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Barquq  

Allen J. Fromherz

Egyptian sultan, was the first of a new dynasty of Mamluks or “slave” sultans of Egypt. Purchased in Crimea, Barquq, whose full name was al-Malik al-Zahir Sayf al-Din Barquq, was a Circassian. The previous series of Mamluks, starting with Baybars, were Kipchak Turks. Bought as a slave soldier, Barquq quickly rose through the ranks of the Burji regiment of soldier slaves. Unlike the Bahri regiment that supplied previous sultans, the Burji regiment had their barracks near the dungeons (burj of the citadel in Cairo It appears that Barquq s father a man of some stature named Anas may have willingly given his son up for sale In fact after Barquq came to power he invited his father to come to Cairo and join his court Indeed Anas would have been pleased to learn that his son was first purchased by the powerful marshal of the army Yalbogha al ...

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Allen J. Fromherz

fourth of the Bahri dynasty of Mamluk sultans of Egypt, was born a slave. His full name was al-Malik al-Zahir Rukn al-Din al-Salihi al-Bundukdari. Although his date of birth is uncertain, most scholars agree he was born around 1233 far away from Egypt in the steppes of the Kipchak Turkish nomads. Before being purchased by the sultan, he took the name of his first immediate master, a relatively minor character named Aydakin Bundukdar. After demonstrating exceptional qualities as a youngster, Baybars was purchased by the Ayyubid sultan and successor to Saladin, Malik Salih. He started as only one of many fellow Kipchak slaves who served the Ayyubids. In fact, there were so many Kipchak soldiers in Egypt that it stimulated the creation of Kipchak-Arabic dictionaries such as the thirteenth-century Codex Cumanicus Soon after being purchased by Malik Salih he would have been subjected to the code of strict military ...

Article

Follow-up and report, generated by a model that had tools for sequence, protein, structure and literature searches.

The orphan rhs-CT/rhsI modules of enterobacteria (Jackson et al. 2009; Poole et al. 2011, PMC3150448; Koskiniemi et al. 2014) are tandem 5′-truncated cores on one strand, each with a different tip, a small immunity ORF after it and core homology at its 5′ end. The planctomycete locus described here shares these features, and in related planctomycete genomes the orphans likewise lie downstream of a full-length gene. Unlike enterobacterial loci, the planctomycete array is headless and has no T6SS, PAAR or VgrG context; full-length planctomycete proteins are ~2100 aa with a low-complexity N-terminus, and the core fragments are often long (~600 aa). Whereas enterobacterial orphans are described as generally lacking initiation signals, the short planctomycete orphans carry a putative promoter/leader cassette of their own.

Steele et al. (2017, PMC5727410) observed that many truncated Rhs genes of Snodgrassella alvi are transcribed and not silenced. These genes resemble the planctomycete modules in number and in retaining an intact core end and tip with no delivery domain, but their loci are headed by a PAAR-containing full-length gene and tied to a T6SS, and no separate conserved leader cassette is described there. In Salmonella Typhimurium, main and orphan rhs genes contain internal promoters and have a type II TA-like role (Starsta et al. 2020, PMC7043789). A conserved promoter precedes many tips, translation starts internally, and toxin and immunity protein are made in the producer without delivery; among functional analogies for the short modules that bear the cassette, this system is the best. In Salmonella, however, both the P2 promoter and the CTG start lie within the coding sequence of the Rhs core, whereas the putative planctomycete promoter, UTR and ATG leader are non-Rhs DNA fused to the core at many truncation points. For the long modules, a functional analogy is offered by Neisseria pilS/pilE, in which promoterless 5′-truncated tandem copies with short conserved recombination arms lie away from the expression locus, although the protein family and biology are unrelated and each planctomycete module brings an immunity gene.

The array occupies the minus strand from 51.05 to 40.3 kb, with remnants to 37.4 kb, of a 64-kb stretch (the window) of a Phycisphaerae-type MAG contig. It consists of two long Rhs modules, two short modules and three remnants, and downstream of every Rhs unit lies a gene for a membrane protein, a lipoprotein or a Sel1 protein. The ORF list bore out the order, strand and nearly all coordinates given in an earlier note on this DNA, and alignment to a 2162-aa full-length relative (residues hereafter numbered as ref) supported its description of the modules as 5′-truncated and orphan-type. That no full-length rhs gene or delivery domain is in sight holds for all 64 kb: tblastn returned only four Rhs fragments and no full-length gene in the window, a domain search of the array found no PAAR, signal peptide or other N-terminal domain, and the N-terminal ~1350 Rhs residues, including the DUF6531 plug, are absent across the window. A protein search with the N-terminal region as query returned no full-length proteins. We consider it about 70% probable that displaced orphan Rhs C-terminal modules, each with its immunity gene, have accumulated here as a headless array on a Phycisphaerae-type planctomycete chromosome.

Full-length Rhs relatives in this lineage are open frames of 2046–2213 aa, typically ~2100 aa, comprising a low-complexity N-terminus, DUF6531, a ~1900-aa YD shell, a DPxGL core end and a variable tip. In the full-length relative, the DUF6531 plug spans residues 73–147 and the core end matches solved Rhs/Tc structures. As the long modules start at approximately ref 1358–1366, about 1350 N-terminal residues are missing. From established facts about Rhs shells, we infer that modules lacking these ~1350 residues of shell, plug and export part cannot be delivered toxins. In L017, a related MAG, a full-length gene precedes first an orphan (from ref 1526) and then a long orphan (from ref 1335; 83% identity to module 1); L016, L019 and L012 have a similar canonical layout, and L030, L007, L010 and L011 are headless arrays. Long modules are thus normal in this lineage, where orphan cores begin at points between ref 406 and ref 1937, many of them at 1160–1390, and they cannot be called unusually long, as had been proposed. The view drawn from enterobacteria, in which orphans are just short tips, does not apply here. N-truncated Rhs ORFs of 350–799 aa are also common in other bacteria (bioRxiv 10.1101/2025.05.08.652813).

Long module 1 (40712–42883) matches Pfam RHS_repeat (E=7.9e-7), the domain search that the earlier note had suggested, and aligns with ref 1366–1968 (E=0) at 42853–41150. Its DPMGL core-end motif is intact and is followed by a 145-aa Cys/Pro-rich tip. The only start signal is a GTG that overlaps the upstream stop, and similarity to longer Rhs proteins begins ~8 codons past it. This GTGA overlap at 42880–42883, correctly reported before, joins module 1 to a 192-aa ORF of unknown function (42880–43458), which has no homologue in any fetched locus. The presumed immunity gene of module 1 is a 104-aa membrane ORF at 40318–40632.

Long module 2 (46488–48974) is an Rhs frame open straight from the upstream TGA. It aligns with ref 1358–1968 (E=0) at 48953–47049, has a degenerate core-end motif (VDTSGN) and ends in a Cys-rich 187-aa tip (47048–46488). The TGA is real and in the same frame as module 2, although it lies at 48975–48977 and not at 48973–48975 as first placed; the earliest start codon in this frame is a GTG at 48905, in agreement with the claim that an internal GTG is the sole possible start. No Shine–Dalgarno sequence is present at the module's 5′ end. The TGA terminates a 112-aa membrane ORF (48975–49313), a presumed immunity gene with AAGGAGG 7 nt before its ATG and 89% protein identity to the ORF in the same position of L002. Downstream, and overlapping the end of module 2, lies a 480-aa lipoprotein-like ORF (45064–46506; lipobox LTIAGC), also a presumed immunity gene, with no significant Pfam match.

Allen J. Fromherz

one of the most important Mamluk sultans of Egypt and Syria, was a Circassian whose full name was Al-Malik al Ashraf abu al Nasr Sayf al-Din Al Mahmudi al Zahiri Qaʾit Bay. Circassia is a region in the Caucasus hundreds of miles from Cairo, in the mountains between the Black and Caspian Seas. As with many Mamluk Sultans purchased as slaves, the precise date of his birth is difficult to decipher. He was probably born between the years 1416 and 1418 and, showing great promise, was purchased by the Sultan Barsbay. Being purchased as a slave of the Sultan was considered an honor, and sources indicate that many Circassians actively groomed their sons for a chance to work as Mamluks (slave–soldiers). In exceptional circumstances these boys would advance through the ranks to become rulers of Egypt and Syria.

After several promotions in the Mamluk army and having proved his mettle ...

Article

Qalawun  

Allen J. Fromherz

, sultan of Egypt (r. 1279–1290), was the fifth of the Mamluk sultans of Egypt and Syria. His full name was Al-Malik Al-Mansur Sayf al Din Qalawun al Alfi. Known for his military campaigns, he inherited many of the policies of his predecessor Baybars I.

Like most Mamluk Sultans, Qalawun was purchased as a slave in a region north of the Black Sea. He was sold to the Mamluk, or slave soldier, named al-Saki, for one thousand dinars, hence his sobriquet “al-Alfi,” or “one (purchased for) a thousand” in Arabic. After passing through several owners and completing his military training, Qalawun was manumitted and given the title of amir, or prince. He witnessed the overthrow of the Ayyubid dynasty after the death of Turan Shah in 1249 Once the servants of the Ayyubids the Mamluks took control in the name of order and stability Aybak the first Mamluk ...

Article

Allen J. Fromherz

ruled the Mamluk slave sultanate from Egypt and was the penultimate ruler of the Mamluks. Another form of his name is Qansawh al Ghawri. His able leadership slowed what could have been a more rapid decline of Mamluk power. A slave, or Mamluk, of the Sultan Qaʿitbay, Qansuh was trained in the Mamluk system of military schools of his predecessors. Proving himself in battle and in administration, Qansuh rose through the elite ranks of the Mamluks. He became governor of Upper Egypt in 1481. He campaigned against the Ottomans, increasingly the main threat to the Mamluks in the north. He learned, early on, to forcefully deal with revolts in the provinces, suppressing a rebellion of townsfolk in Aleppo in 1491 His elevation to the sultanate may not have been completely voluntary A group of high Mamluk princes virtually forced him into accepting the position Unaffiliated with the many ...